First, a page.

Now that you have created a list of tradable stocks and found the ax for each, you are almost ready to begin trading. The only thing left for you to learn is when to buy a stock and when to sell it. Needless to say, this is easier said than done. After all, the ax isn't going to issue a press release notifying the market that it's going to buy the stock at, say, $10.50 and run it up to $10.75 before dumping it. This is not how the game is played.
Even so, the market makers do leave behind a trail of clues indicating their intentions, and these signposts are all indicated in the stock charts.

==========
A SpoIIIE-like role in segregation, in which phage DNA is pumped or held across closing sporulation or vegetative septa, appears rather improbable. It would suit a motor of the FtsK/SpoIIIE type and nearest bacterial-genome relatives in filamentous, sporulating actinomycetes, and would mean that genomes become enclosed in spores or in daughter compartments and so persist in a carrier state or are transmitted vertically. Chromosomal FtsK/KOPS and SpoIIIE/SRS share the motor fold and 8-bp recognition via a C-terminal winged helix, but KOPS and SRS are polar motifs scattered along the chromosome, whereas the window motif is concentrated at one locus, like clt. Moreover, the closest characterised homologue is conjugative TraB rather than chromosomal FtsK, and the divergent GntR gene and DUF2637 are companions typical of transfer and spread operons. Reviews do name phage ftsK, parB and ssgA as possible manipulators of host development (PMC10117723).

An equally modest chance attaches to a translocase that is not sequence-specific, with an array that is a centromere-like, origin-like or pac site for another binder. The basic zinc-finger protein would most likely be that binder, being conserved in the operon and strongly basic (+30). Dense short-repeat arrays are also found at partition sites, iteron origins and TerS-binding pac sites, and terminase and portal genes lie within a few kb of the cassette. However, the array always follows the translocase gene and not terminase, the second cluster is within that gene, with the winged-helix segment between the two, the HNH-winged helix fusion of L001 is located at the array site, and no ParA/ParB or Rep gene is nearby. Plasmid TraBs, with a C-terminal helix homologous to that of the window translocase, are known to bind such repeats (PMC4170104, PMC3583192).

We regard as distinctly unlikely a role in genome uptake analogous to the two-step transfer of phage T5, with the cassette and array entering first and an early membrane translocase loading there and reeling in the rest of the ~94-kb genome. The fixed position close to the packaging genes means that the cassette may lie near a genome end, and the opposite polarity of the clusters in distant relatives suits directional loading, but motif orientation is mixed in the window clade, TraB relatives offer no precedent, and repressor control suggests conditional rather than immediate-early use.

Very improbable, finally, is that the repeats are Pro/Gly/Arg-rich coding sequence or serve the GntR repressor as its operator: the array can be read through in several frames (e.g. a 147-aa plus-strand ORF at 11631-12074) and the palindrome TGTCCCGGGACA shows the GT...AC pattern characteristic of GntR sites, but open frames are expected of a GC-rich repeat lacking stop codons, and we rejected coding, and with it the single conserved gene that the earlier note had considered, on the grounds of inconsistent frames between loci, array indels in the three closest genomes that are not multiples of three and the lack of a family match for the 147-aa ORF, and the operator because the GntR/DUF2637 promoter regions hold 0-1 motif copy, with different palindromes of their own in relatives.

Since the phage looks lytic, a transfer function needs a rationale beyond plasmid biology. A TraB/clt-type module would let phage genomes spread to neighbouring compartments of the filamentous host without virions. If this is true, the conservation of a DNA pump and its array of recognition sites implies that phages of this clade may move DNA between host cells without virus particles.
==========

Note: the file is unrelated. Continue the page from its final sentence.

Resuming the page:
Before starting a discussion about how to read stock charts, I need to say a few words about their utility. I understand that many long-term investors resort to reading stock charts much in the same way they would read palms or tea leaves. From their perspective, that might make sense; after all, a chart demonstrating last month's stock prices for IBM will have almost no impact on the price of the stock two, five, or ten years from now. Over a period of time, many other factors, such as sales, earnings, growth, competitive forces, and the state of the economy, will be the overwhelming dynamics in determining the ultimate stock price.
As an active trader, stock charts mean a lot—they are one of the most vital pieces of information you need to acquire. Regardless of whether or not you put any merit in what is called technical analysis ...